The N12 road heading east from Tata to Foum Zguid was a good road following the course of a mostly dry river along a valley. The road crossed and recrossed the dry river bed and we came across a bridge that had been totally destroyed by the force of water – which was hard to understand as everything was so dry. But the evidence of violent water was there as we crossed on a newly constructed bridge adjacent to the destroyed bridge with its huge concrete components tossed into a heap like a bunch of Lego bricks.
According to our map, the road from Foum Zguid to Zagora across the northern edge of the Sahara was just a dirt track along a river bed, even the TomTom navigator refused to accept the road as a viable route. However, when we spoke to the man at the local petrol station, he assured us that the road was now in good repair but it was a leap of faith when we set off. The road turned out to be fine and we reached Zagora a couple of hours later.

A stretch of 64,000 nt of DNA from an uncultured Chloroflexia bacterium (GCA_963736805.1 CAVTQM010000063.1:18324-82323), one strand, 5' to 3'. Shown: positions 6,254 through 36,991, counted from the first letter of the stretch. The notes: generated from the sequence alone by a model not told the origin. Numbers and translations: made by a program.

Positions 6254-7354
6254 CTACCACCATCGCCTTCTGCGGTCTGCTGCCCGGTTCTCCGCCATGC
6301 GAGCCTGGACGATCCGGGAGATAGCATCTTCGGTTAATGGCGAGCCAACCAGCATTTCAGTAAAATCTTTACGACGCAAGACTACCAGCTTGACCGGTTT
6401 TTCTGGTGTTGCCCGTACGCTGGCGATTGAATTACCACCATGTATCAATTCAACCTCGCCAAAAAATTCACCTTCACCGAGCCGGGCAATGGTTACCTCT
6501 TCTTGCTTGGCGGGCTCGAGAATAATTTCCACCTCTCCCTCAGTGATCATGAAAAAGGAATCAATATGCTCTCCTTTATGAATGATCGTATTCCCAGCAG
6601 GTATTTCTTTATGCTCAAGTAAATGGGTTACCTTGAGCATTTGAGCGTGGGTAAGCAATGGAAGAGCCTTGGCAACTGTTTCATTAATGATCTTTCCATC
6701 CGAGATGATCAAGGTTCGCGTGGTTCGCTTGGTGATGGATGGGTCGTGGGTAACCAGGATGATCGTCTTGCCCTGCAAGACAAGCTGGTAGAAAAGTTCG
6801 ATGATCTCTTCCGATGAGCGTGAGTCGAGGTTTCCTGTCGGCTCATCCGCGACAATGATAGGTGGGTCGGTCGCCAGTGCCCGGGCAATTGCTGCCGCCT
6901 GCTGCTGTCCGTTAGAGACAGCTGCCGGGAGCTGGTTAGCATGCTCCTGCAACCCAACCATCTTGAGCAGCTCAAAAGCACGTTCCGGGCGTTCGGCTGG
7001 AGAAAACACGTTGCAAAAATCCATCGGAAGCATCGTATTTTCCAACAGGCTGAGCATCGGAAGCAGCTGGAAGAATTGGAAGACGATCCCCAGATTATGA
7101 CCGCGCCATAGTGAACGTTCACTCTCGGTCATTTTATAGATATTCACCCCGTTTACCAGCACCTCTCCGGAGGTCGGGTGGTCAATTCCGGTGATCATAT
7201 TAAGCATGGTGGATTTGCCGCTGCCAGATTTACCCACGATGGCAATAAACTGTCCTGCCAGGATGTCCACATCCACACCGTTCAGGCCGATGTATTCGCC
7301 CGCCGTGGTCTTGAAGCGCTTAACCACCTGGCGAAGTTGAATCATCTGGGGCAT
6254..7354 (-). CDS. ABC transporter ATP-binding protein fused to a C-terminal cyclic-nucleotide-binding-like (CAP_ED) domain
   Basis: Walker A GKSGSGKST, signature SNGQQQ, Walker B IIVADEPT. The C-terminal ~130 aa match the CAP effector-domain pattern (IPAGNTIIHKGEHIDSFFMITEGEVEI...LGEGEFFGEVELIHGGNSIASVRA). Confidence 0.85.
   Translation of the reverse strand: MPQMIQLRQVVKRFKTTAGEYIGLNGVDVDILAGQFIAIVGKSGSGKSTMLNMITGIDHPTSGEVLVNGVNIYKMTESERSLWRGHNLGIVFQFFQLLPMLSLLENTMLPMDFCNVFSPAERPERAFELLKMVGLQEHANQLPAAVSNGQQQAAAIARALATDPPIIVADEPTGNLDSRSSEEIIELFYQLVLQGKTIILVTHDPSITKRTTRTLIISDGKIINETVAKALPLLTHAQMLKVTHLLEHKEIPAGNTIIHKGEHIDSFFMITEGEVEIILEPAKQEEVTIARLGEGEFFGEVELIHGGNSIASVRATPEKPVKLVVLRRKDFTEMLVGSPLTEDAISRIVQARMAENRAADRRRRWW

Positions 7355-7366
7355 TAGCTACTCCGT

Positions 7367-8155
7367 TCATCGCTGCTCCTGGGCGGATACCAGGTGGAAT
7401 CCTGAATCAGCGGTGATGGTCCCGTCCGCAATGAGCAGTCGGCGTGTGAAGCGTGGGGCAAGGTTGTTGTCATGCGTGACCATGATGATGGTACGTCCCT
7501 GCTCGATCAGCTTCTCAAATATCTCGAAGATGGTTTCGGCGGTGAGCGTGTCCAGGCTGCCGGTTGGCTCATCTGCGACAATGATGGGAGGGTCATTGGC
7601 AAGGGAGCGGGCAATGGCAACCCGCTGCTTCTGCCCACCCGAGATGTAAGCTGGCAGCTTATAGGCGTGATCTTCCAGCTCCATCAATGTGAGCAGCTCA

Although the road was quiet and the surrounding countryside appeared deserted, if we looked more closely we could see herds of goats grazing in the scrub watched over by their keeper. We also spotted groups of dromedaries (previously referred to as “camels” but I think camels have two humps and these only had one. Also on menus we regularly saw the word dhromederie).
Our camp site at N’Kob was challenging just to get into it
the gateway was 3 metres wide and our van was 2.7 metres. The guardian was a 19 year old Berber lad who brought us a pot of mint tea and sweet biscuits once we had settled and were sitting outside enjoying the evening sunshine. Once the sun went in the temperature plummeted from 27° down to 5° overnight. When we were ready to leave at 9 am we looked in the gatehouse office for our host but could find no sign of him – until he suddenly appeared from under a pile of blankets. He had been fast asleep, fully dressed but totally hidden from view, blankets pulled right over his head. Poor chap was still half asleep when he took our money (£7) and helped us manoeuvre out through the gates.